A total of 13 articles were included in this review, see figure 1.

Figure 1

Search strategy used for this article according to the PRISMA guidelines.

The articles presented in this study are very heterogeneous. They originate from different department types and the case-mix ranges from patients solely admitted by helicopter to all patients discharged from a medical department. We therefore have chosen to focus only the parts of the scoring systems we find important for assessing their relevancy; i.e. which variables have the authors chosen to include, which statistical methods were chosen to design and test the systems, what was the discriminatory power and calibration of the systems (i.e. how usable are the systems) and which level of evidence does the systems achieve.

Track and trigger systems

Two of the papers on track and trigger systems were written by Subbe et al. One analyzed the Early Warning Score (EWS)[9] and the other the Modified Early Warning Score (MEWS)[10] on patients admitted to or through a MAU. None of these articles presented data on discriminatory power or calibration. When calculating the EWS, the authors found that a maximum score of five was associated with an increased risk of death, ICU and HDU admission[9]. When the authors stratified patients into three risk bands according to the MEWS score, they only found a statistical significant increased incidence of cardiac arrest in the intermediary risk band i.e. MEWS 3-4[10].

Paterson et al. included medical and surgical patients admitted to a combined assessment area in their study[11]. The object was to evaluate the implementation of a standardized early warning scoring system (SEWS). A total of 848 patients were included, 435 after the implementation of SEWS. In the SEWS cohort, they found a significant linear relationship between in-hospital mortality and admission SEWS score (chi-squared 34.3, p < 0.001). Data on discrimination were not presented.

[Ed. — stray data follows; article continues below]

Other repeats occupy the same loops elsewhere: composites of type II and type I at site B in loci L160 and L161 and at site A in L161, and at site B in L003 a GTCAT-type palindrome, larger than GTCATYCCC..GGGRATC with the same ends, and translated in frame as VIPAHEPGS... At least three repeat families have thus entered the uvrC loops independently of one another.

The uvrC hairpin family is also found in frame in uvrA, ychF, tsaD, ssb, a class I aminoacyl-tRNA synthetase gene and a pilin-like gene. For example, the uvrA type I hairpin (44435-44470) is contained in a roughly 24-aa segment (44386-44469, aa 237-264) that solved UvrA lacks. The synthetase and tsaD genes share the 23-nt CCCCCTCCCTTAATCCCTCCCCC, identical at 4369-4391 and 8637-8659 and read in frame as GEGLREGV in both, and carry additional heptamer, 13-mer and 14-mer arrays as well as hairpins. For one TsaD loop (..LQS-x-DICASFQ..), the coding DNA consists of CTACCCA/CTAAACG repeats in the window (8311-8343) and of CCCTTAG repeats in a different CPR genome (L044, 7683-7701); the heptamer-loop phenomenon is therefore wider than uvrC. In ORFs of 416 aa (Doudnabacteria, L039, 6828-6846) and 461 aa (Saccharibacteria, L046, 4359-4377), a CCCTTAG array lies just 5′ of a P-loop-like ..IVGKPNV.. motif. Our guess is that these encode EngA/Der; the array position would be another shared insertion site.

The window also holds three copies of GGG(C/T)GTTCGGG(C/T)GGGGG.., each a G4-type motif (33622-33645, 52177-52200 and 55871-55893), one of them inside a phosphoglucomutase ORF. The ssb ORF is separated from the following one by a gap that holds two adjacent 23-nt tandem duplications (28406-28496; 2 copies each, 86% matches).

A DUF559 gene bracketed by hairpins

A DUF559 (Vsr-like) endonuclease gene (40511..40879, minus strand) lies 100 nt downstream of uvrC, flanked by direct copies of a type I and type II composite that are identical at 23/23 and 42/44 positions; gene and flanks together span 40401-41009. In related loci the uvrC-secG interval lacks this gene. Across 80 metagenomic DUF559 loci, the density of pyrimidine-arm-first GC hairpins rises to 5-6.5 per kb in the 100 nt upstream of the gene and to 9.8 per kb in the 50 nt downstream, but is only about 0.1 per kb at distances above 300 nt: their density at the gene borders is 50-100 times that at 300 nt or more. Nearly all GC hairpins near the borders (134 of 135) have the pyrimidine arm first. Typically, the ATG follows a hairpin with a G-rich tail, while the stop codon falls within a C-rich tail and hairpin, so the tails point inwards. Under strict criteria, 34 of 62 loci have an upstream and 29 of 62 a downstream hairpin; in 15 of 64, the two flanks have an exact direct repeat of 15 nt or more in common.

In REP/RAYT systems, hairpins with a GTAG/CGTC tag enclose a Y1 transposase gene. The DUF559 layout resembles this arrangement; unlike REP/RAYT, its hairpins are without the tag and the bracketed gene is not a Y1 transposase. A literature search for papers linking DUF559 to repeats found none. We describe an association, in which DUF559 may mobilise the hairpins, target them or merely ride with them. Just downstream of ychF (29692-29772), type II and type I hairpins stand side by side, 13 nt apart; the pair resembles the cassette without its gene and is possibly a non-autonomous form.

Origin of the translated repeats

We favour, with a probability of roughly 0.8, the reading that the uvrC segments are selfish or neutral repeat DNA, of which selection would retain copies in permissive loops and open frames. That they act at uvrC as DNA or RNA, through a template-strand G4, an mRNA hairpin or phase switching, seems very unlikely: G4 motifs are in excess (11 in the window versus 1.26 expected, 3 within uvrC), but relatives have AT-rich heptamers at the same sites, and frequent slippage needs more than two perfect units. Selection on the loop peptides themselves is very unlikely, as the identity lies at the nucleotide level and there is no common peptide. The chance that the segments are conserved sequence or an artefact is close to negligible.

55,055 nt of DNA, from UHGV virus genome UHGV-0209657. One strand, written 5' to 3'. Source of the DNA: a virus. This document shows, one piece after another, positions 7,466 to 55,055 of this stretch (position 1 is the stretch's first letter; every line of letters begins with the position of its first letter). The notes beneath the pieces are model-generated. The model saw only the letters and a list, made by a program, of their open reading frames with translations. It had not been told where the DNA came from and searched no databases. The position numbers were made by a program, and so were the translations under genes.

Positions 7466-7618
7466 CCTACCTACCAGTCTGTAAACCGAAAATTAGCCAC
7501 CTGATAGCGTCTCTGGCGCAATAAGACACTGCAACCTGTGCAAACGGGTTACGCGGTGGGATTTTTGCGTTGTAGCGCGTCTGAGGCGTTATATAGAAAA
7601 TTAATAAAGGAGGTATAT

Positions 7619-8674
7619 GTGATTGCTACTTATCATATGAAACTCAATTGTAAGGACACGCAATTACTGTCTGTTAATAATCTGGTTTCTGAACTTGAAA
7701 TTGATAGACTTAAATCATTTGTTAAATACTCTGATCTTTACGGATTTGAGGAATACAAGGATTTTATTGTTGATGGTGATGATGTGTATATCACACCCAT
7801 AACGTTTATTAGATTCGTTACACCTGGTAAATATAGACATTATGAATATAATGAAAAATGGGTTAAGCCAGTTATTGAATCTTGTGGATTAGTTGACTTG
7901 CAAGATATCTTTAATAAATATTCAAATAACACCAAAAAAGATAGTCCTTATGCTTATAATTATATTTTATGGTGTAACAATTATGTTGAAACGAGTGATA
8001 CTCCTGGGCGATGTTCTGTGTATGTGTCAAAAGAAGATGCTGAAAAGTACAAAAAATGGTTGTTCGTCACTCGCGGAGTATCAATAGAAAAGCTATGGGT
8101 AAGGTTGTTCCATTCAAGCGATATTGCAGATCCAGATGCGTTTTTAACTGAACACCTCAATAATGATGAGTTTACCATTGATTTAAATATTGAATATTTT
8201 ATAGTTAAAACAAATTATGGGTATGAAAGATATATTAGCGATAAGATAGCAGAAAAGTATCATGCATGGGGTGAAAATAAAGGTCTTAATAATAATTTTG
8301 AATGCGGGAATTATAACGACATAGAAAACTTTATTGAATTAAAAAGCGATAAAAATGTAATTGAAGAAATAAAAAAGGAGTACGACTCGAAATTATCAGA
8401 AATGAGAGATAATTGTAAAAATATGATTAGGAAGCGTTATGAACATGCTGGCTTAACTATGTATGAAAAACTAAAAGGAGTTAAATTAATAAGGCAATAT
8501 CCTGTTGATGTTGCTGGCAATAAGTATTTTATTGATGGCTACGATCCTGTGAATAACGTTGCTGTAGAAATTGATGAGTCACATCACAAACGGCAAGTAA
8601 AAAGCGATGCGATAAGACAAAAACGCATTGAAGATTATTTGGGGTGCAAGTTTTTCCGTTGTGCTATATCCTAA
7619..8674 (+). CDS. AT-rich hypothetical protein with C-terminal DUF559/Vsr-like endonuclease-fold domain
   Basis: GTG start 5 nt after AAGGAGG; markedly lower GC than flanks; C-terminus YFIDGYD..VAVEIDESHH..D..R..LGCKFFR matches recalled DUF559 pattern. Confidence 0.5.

As the review by Smith et al. is included in our article (here referred to as TTS) and included the studies by both Subbe et al. and Paterson et al., these will not be presented in further detail.

Variables included in the scoring systems

All but two of the scoring systems used vital signs as variables when calculating the score (see table 1). The Admission Laboratory Tests (ALT)[12] and The Routine Laboratory Data (RLD)[13] both relied mostly upon blood tests. Two systems, the Simple Clinical Score (SCS)[14] and the Hypotension, Oxygen saturation, low Temperature, ECG changes and Loss of independence Score (HOTEL)[15] included both subjective and objective parameters (e.g. dyspnoea and abnormal EKG).

Table 1 Parameters included in the scoring systems

Development of the scoring systems

Regression analysis was the most applied method for development of the scoring systems, only Track and Trigger System (TTS)[16] was developed otherwise (see table 2). Eight of the ten systems included patients admitted to a medical admission unit, but the population in Rapid Acute Physiology Score (RAPS)[17] was patients transported to the hospital by helicopter, and the population in the Goodacre Score (GS)[18] was patients transported to the emergency department by ambulance.

Table 2 Development data from the studies

Six systems used in-hospital mortality as their primary endpoint and only Early Warning Score (EWS)[19] used a composite endpoint.

Discriminatory power and calibration

Discriminatory power (i.e. the ability to identify patients at increased risk of meeting the endpoint) was specified for eight of the scoring systems (see table 3), but not for RAPS and RLD. It was above 0.8 in five of these, but in Worthing Physiological Scoring System (WPS)[20] is was 0.74 and in TTS 0.657-0.782.

Table 3 Evidence level and validation of scoring systems to predict in-patient mortality in the medical admission unit